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Arthritis is a disease that involves inflammation of the joints, making them painful, stiff and less able to move freely. In severe cases, the inflammation can be crippling and interfere with daily tasks, such as walking and getting dressed. Arthritis is a leading cause of disability, and the risk for developing it increases with age. Its cause is unknown, but researchers are studying genetic factors as well as a person’s lifestyle.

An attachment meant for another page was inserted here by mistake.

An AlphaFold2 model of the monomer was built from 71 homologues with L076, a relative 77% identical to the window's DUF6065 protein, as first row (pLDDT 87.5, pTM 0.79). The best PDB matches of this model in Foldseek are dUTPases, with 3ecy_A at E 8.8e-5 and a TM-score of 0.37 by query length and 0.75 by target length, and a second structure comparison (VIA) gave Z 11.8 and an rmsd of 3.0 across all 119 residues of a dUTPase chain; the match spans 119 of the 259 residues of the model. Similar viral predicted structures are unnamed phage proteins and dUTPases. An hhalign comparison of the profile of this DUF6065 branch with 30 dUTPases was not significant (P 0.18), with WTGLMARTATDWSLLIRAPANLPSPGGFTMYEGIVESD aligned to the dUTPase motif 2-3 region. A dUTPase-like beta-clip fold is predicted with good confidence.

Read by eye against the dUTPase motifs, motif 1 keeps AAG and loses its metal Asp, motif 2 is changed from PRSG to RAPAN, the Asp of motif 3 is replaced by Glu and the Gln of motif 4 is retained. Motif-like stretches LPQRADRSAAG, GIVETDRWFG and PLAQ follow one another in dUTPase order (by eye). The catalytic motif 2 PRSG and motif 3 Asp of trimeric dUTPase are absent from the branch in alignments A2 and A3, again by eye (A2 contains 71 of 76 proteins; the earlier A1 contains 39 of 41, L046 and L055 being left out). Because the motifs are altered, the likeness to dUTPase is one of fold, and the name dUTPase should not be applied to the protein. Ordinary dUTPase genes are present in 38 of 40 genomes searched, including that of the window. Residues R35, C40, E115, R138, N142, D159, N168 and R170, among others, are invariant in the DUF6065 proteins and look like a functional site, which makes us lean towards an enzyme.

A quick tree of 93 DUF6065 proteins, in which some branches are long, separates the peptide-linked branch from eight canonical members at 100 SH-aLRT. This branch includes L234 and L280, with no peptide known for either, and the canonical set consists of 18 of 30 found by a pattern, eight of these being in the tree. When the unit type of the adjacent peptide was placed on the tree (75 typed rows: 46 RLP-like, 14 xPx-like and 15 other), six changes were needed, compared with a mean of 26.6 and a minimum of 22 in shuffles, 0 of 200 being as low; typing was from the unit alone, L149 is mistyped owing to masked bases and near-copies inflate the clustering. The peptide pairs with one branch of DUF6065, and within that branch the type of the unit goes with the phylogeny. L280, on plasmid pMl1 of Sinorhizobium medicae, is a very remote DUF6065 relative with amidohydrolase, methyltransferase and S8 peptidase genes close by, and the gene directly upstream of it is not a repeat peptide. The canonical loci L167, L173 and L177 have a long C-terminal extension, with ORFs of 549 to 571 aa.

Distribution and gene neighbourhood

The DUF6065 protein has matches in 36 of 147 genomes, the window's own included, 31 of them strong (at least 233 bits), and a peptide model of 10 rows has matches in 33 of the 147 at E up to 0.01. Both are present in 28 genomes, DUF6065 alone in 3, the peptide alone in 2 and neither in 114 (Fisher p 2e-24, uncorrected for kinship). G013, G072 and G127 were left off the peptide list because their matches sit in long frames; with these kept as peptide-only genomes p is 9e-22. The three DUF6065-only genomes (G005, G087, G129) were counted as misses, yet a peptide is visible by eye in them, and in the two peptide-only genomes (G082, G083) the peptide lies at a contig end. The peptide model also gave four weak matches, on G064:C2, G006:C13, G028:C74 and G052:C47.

There are several types of arthritis, but the two most common forms are osteoarthritis and rheumatoid arthritis. Osteoarthritis is the degeneration of cartilage, the hard but slick buffer tissue between joints. Cartilage damage usually comes from normal wear and tear, but an injury can hasten its breakdown. Without cartilage, bones touch bones, restricting mobility and causing pain. Rheumatoid arthritis develops when the immune system attacks the body instead of protecting it—in this case, the lining of the joint capsule called the synovial membrane. This membrane, once swollen, can lead to cartilage and bone damage.